Seasons change. So do people, moods, feelings, relationships and market scenarios.
A stream of words is a very powerful tool to understand and tackle such change.
Birthdays will go by, and, hopefully, words will keep flowing. When something flows naturally, stopping it leads to disease. Trapped words turn septic inside the container holding them.
Well, we covered lots of ground, didn’t we? This year saw us transform from being a money-management blog to becoming a commentary on applied finance. The gloom and doom of Eurozone didn’t beat us down. Helicopter Ben and the Fed were left alone to their idiosyncrasies. The focus turned to gold. Was it just a hedge, and nothing but a hedge? Could it replace the dollar as a universal currency? Recently, its glitter started to actually disturb us, and we spoke about exit strategies. We also became wary of the long party in the debt market, and how it was making us lazy enough to miss the next equity move. Equity, with its human capital behind it, still remained the number one long-term wealth preserver cum generator for us. After all, this asset class fought inflation on auto-pilot, through its human capital.
Concepts were big with us. There was the concept of Sprachgefühl, with which one could learn a new subject based on sheer feeling and instinct. The two central concepts that stood out this year were leverage and compounding. We saw the former’s ugly side. The latter was practically demonstrated using the curious case of Switzerland. There was the Ayurvedic concept of Satmya, which helps a trader get accustomed to loss. And yeah, we meet the line, our electrolytic connection to Mrs. Market. We bet our monsters, checked Ace-high, gauged when to go all-in against Mrs. Market, and when to move on to a higher table. Yeah, for us, poker concepts were sooo valid in the world of trading.
We didn’t like the Goldman attitude, and weren’t afraid to speak out. Nor did we mince any words about the paralytic political scenario in India, and about the things that made us go Uffff! We spoke to India Inc., making them aware, that the first step was theirs. We also recognized and reacted to A-grade tomfoolery in the cases of Air India and Kingfisher Airlines. Elsewhere, we tried to make the 99% see reason. Listening to the wisdom of the lull was fun, and also vital. What would it take for a nation to decouple? For a while, things became as Ponzi as it gets, causing us to build a very strong case against investing a single penny in the government sector, owing to its apathy, corruption and inefficiency. We were quite outspoken this year.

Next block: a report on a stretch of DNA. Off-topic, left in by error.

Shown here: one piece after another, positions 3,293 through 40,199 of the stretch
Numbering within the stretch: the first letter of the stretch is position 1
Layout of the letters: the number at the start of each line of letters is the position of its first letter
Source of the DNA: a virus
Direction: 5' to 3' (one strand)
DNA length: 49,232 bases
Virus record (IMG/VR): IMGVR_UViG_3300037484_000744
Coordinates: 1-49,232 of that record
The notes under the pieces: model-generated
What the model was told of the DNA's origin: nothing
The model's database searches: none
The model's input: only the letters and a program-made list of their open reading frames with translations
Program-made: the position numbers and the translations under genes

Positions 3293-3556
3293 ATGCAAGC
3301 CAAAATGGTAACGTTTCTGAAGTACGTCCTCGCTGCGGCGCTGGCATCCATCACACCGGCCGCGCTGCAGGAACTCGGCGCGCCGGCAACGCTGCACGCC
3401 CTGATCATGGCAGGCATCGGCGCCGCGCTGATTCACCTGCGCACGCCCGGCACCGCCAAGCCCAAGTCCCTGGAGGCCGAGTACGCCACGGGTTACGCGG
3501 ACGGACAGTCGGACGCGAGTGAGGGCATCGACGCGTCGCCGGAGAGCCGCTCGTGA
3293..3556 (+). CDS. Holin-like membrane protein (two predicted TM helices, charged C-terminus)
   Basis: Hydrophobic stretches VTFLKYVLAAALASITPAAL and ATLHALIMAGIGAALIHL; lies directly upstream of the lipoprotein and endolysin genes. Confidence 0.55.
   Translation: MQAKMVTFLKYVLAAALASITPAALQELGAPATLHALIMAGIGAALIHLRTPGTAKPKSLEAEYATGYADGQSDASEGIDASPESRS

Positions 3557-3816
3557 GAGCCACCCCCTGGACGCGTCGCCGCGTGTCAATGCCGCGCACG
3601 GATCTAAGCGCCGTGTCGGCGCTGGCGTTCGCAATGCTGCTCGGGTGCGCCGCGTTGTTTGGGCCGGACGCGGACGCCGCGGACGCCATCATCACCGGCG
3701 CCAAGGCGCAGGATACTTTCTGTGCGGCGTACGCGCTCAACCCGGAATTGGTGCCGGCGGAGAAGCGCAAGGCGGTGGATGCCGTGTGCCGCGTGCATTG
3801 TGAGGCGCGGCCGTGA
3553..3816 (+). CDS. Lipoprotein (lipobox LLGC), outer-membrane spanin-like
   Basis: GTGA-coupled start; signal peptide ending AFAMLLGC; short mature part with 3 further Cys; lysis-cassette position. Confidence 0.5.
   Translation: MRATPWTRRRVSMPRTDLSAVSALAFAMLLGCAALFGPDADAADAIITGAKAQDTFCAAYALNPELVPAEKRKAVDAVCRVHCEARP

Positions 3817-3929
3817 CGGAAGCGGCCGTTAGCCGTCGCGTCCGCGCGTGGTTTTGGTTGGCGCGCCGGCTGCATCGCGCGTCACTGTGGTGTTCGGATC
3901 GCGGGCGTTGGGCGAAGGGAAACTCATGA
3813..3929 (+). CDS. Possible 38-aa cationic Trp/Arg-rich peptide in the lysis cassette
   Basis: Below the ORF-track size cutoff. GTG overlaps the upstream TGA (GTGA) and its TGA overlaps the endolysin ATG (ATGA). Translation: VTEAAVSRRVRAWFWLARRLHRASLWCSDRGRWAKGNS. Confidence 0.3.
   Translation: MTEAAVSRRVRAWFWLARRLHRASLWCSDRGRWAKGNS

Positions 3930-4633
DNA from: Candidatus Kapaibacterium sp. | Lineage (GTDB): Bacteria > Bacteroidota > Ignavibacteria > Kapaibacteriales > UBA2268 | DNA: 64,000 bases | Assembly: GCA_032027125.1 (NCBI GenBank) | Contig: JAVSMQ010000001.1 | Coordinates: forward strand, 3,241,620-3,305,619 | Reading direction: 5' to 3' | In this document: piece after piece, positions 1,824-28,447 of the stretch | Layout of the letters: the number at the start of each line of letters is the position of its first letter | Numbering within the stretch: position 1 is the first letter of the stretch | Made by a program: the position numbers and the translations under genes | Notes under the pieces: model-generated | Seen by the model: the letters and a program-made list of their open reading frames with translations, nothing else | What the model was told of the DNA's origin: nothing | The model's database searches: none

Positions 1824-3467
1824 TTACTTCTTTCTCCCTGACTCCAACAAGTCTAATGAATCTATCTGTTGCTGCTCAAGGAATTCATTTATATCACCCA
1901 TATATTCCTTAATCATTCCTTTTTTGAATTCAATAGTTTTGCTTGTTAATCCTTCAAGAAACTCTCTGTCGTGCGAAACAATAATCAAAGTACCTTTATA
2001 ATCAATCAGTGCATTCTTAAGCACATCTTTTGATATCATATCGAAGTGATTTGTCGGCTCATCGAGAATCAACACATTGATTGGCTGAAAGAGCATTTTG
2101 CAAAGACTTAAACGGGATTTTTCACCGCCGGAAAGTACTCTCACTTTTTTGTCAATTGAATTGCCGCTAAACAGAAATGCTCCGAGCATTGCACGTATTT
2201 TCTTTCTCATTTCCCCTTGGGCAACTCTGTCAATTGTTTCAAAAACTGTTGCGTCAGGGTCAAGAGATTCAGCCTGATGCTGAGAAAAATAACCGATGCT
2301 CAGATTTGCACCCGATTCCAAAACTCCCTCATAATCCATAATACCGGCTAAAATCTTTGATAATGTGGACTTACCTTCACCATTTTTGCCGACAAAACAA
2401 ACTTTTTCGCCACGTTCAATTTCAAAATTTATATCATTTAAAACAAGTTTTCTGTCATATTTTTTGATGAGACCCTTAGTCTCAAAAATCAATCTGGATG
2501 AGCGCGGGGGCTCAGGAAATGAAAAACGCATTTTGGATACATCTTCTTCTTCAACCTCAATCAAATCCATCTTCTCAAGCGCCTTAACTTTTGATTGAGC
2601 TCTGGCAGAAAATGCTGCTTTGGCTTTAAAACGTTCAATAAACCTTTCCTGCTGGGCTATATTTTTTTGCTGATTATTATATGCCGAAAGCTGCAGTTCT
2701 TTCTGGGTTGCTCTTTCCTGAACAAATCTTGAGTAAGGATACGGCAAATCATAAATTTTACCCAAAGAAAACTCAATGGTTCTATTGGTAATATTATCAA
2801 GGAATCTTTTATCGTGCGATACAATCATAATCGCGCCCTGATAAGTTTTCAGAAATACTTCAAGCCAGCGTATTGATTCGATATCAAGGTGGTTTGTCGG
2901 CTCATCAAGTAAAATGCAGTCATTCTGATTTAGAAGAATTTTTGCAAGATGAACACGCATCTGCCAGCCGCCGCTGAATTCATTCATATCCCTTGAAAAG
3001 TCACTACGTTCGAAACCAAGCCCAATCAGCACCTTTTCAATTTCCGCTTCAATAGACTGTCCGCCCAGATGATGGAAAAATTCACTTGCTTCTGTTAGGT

The Atkinsons were an uplifting family that we met. He was the ultimate market player. She was the ultimate home-maker. Her philanthropy stamped his legacy in caps. Our ubiquitous megalomaniac, Mr. Cool, kept sinking lower this year, whereas his broker, Mr. Ever-so-Clever, raked it in . Earlier, Mr. Cool’s friend and alter-ego, Mr. System Addict, had retired on his 7-figure winnings from the market. Talking of brokers, remember Miss Sax, the wheeling-dealing market criminal, who did Mr. Cool in? She’s still in prison for fraud. Our friend the frog that lived in a well taught us about the need for adaptability and perspective, but not before its head exploded upon seeing the magnitude of an ocean.
Our endeavors to understand Mrs. Market’s psychology and Mr. Risk’s point of view were constant and unfailing, during which we didn’t forget our common-sense at home. Also, we were very big on strategy. We learnt to be away from our desk, when Mrs. M was going nowhere. We then learnt to draw at Mrs. M, when she actually decided to go somewhere. Compulsion was taken out of our trading, and we dealt with distraction. Furthermore, we started to look out for game-changers. Scenarios were envisioned, regarding how we would avoid blowing up big, to live another day, for when cash would be king. Descriptions of our personal war in Cyberia outlined the safety standards we needed to meet. Because we believed in ourselves and understood that we were going to enhance our value to the planet, we continued our struggle on the road to greatness, despite any pain.
Yeah, writing was fun. Thanks for reading, and for interacting. Here’s wishing you lots of market success. May your investing and trading efforts be totally enjoyable and very, very lucrative! Looking forward to an exciting year ahead!